The Pittsburgh Steelers find that their 2017 season ended a bit prematurely, and are undergoing the exit meeting process a couple weeks sooner than they would have liked. Nevertheless, what must be done must be done, and we are now at the time of the year where we close the book on one season and look ahead to the next.
While we might not know all the details about what goes on between Head Coach Mike Tomlin and his players during these exit meetings, we do know how we would conduct those meetings if they were let up to us. So here are the Depot’s exit meetings for the Steelers’ roster following the 2016 season.
Player: James Conner
Position: Running Back
Experience: 1 Year
The Steelers have to be asking themselves what second-year running back James Conner’s ceiling is as they look to negotiate a long-term extension for their star starter, Le’Veon Bell. While they likely did not draft him with visions of him being a starter—the team was still trying to work out a long-term contract extension during the draft last year with Bell—we are reaching a point at with a future where the two coexist is unlikely.
That means that Conner could play a much bigger role, though not necessarily. With Bell, it’s difficult for him to even get much playing opportunity because of the extent to which the veteran sees the field. In the 14 games that he played during his rookie season, for example, he only carried the football 32 times.
He did, however, find some success while doing so, rushing for a total of 144 yards, which resulted in about four and a half yards per carry. Generally regarded as a bigger back, he has been surprising people with his explosiveness going back to his college days and showed that burst in limited moments.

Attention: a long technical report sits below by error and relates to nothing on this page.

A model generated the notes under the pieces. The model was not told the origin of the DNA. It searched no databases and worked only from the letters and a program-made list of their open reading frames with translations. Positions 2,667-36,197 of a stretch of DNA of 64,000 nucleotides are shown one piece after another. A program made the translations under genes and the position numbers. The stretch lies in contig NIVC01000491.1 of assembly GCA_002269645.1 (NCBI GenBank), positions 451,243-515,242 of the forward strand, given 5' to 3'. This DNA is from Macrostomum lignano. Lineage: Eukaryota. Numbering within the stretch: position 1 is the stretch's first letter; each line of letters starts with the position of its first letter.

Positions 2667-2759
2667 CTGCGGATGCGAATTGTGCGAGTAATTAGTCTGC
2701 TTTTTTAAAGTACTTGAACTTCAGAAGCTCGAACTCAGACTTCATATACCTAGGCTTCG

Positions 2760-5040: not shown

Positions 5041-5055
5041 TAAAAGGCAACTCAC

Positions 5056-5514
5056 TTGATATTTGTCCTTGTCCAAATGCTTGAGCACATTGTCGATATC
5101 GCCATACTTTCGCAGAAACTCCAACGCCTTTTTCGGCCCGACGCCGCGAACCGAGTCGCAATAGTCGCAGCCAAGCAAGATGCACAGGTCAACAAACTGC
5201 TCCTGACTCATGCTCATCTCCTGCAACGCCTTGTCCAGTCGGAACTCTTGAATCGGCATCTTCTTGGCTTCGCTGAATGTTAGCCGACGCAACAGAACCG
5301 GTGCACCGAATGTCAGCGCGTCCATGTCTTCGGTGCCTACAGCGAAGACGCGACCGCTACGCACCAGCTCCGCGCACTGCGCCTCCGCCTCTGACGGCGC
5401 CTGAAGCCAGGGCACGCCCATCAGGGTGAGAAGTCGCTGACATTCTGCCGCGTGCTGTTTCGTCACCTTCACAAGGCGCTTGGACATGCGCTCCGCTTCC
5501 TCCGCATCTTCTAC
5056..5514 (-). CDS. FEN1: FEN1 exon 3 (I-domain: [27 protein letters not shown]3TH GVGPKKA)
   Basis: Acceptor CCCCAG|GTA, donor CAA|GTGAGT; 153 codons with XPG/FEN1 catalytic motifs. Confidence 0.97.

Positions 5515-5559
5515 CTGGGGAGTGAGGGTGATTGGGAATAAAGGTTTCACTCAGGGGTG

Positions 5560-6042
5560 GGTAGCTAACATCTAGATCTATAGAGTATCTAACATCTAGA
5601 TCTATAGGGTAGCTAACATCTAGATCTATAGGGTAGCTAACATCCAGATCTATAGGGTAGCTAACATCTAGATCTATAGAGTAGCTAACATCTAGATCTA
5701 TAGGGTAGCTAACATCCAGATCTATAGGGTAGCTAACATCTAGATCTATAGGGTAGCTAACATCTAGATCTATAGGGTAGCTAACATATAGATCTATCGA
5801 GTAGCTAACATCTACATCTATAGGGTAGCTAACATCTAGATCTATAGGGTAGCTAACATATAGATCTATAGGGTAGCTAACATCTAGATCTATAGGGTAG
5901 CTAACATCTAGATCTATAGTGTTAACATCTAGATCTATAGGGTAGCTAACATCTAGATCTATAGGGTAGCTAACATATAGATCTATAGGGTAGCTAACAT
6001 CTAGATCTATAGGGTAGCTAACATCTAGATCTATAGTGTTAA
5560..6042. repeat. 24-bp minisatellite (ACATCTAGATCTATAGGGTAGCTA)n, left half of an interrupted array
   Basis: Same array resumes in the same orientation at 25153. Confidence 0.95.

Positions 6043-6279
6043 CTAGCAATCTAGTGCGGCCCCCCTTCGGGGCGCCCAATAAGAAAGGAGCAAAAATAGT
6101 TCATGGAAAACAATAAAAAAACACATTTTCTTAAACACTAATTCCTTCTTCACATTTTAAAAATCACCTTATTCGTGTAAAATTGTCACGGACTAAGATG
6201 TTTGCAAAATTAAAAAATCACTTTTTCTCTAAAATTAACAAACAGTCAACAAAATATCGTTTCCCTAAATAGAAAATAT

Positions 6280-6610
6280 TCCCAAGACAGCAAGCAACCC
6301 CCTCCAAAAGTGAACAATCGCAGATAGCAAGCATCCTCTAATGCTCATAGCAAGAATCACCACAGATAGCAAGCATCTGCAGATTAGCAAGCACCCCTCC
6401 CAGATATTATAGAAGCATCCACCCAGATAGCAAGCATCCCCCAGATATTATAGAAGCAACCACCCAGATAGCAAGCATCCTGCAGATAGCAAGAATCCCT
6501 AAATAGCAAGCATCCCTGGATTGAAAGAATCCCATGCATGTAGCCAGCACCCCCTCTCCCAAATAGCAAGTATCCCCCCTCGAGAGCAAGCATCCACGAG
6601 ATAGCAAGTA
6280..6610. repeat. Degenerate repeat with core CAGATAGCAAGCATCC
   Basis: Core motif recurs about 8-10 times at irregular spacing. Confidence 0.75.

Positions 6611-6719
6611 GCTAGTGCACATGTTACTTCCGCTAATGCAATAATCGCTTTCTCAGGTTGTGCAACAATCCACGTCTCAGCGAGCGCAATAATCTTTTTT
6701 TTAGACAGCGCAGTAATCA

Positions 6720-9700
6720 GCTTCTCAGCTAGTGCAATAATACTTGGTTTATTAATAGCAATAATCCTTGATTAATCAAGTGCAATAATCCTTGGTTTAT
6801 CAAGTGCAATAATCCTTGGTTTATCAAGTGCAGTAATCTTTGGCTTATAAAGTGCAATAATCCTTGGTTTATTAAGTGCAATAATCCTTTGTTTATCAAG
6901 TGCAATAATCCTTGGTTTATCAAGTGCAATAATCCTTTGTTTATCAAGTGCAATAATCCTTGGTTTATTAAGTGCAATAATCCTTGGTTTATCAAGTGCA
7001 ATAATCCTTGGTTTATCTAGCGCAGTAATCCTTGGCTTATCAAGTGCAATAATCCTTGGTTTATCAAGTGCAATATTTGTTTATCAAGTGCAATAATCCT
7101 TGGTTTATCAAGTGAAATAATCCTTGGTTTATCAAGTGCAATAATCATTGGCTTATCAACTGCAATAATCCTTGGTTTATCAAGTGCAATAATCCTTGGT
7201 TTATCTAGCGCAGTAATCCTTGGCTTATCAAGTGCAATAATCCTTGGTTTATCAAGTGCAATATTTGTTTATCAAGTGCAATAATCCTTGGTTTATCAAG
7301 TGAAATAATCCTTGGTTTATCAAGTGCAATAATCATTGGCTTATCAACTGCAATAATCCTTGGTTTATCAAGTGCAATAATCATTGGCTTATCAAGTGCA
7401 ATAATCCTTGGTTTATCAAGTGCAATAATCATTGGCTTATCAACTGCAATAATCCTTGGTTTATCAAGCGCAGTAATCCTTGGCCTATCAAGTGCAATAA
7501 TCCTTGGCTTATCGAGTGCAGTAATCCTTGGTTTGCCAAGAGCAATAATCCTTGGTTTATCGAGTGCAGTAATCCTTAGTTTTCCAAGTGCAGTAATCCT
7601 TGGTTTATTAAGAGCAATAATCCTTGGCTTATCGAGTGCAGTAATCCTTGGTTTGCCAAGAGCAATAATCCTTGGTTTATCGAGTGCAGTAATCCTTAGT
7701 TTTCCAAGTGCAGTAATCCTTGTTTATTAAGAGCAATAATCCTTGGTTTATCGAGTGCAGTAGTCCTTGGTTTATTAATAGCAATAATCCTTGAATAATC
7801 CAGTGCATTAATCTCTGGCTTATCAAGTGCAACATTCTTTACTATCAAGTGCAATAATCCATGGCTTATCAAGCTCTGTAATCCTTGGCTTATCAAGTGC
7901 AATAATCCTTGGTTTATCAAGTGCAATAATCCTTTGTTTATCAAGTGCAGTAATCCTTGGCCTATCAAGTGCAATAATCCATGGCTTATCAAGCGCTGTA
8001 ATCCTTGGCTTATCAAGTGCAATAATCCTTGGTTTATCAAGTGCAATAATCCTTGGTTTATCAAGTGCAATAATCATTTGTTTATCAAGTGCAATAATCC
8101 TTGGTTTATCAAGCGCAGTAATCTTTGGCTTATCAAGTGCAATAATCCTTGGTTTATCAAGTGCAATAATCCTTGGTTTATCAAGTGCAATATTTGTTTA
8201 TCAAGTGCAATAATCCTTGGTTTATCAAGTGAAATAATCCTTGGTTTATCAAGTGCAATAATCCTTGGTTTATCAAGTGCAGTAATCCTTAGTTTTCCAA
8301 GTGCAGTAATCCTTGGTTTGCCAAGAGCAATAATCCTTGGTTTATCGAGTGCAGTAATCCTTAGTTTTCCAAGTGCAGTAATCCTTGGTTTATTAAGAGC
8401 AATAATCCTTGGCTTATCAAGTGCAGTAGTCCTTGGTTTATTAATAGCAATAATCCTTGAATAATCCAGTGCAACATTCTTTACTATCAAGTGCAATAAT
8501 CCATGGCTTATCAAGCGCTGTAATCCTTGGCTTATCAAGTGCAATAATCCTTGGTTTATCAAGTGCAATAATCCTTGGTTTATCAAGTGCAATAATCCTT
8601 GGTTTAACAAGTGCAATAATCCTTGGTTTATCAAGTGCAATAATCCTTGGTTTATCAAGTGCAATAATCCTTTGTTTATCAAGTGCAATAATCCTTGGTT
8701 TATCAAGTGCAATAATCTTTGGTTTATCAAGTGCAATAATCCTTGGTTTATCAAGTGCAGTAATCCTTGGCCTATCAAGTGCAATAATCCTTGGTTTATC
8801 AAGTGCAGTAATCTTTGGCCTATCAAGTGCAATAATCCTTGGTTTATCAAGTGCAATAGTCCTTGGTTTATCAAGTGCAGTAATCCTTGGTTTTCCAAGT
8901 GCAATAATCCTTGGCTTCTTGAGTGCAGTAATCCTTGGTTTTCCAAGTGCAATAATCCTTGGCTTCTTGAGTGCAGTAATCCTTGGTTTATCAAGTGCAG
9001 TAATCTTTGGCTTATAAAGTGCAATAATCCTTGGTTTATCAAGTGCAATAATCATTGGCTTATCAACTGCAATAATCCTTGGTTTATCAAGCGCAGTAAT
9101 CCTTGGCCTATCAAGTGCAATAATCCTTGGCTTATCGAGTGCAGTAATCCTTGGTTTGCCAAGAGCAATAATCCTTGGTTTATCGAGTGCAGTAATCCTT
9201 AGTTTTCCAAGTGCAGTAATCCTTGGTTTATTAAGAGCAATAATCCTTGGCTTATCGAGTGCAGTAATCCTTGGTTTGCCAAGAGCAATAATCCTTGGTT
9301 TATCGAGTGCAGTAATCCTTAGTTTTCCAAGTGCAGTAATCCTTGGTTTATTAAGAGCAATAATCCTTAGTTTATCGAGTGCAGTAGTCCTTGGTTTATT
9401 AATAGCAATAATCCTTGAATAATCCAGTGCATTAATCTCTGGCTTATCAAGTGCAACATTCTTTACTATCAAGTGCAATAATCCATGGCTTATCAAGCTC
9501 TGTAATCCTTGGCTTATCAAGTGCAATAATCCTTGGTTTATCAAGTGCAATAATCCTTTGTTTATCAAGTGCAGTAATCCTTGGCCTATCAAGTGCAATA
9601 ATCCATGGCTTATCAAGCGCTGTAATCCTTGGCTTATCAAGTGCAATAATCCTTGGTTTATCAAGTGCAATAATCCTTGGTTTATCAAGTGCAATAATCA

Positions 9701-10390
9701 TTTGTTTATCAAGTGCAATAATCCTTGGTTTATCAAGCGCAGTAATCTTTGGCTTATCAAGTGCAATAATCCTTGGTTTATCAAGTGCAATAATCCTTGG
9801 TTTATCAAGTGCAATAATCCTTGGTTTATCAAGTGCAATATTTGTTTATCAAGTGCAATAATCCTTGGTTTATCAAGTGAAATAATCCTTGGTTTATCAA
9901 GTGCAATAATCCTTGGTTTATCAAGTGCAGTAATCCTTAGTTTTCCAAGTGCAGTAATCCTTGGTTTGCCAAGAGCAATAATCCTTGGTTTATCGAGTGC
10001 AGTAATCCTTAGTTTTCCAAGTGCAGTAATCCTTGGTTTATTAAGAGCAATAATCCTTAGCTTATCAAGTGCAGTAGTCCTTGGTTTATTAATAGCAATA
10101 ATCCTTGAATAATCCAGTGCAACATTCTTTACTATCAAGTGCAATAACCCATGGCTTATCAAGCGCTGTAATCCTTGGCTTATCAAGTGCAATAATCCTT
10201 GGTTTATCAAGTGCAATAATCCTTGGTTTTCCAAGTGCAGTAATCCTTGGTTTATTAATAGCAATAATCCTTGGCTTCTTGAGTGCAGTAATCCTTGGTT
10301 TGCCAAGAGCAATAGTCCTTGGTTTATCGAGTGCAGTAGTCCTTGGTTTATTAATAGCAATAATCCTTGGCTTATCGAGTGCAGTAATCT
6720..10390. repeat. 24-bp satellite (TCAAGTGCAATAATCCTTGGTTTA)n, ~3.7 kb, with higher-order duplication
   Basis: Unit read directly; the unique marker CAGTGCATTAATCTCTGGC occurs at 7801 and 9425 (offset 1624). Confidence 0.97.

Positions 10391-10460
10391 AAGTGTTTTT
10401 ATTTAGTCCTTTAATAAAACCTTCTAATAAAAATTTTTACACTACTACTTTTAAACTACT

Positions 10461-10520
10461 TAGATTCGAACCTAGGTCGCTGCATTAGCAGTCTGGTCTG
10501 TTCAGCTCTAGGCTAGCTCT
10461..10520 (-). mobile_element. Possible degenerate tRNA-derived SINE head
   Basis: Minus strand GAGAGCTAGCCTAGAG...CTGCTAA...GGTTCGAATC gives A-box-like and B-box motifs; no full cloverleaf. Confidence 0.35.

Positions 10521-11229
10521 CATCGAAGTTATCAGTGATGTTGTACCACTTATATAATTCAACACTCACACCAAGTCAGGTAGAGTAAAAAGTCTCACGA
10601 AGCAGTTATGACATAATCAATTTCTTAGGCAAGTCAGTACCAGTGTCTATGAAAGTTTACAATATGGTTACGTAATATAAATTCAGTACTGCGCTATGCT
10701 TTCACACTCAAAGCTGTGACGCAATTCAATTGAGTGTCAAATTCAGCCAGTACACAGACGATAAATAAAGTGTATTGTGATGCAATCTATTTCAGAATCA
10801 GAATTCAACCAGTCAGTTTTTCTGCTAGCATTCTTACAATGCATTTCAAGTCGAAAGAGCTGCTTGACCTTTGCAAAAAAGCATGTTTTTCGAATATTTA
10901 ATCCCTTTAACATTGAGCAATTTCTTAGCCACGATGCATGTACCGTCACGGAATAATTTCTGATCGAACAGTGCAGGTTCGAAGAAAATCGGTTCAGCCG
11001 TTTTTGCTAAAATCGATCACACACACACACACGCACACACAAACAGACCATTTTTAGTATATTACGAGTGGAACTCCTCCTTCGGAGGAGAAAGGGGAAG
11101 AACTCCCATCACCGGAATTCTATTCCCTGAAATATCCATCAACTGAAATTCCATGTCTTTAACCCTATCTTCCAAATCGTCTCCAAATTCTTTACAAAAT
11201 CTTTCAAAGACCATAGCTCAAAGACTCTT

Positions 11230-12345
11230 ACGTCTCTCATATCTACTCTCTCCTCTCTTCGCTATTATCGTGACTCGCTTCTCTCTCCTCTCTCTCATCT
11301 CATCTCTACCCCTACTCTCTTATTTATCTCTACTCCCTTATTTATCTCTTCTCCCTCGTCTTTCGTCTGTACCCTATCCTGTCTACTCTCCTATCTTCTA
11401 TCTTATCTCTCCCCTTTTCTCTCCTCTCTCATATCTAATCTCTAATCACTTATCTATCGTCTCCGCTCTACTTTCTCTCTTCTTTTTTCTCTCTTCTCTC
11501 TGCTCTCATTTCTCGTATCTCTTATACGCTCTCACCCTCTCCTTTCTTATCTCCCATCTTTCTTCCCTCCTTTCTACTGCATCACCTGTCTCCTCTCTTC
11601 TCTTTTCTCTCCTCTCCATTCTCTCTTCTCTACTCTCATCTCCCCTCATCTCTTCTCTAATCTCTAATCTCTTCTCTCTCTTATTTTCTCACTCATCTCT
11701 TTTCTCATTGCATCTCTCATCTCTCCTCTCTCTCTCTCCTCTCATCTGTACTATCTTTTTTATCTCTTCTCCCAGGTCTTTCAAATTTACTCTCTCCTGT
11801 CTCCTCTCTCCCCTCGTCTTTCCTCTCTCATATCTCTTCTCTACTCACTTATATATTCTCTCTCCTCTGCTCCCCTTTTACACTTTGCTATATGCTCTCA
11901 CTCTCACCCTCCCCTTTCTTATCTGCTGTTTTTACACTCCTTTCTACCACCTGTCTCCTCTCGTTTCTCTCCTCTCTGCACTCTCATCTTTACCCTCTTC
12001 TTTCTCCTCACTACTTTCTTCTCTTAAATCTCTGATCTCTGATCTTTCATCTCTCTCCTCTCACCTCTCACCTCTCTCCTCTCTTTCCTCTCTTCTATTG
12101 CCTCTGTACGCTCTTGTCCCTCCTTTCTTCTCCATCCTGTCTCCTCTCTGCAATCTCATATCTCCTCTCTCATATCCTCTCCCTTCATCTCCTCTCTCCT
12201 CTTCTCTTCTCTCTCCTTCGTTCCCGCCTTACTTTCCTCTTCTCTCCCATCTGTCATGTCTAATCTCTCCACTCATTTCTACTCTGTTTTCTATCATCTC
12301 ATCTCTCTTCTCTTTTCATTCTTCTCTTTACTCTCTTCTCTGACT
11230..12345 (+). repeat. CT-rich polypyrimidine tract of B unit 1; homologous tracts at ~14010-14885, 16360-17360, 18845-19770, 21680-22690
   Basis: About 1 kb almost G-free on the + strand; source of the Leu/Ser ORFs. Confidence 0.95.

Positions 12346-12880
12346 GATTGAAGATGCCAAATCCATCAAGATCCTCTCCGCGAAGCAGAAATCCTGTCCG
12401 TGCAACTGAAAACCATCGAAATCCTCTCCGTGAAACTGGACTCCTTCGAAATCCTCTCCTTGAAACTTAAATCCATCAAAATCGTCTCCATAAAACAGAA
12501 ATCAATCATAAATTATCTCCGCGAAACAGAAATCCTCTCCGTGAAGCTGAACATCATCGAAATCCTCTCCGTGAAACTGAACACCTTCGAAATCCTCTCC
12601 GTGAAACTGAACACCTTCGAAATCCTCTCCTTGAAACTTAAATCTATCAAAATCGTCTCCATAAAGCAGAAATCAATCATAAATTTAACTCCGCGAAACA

Of his 32 carries, for example, six of them went for 10 or more yards, though only one of them went for 20 or more yards (in fact, only one of them was more than 13 yards). A deeper look into his carries would be more illuminating.
Using the standards of 45 percent of needed yardage on first down, 60 percent on second, and 100 percent on third and fourth, Conner recorded successful carries on 14 of his 32 attempts, which is an average of about 44 percent. That ratio is not particularly bad nor good, but it is a small sample size either way.
Four of his carries went for negative yardage, however, and a total of six went for no yardage, which is nearly 20 percent, and that is on the high end of the spectrum. Just under half of his carries picked up at least five yards.
Of course, at the moment he is healing from a torn MCL. He also has a lot of work to do in the passing game, both as a pass-catcher and protector, which is something that he talked about this offseason.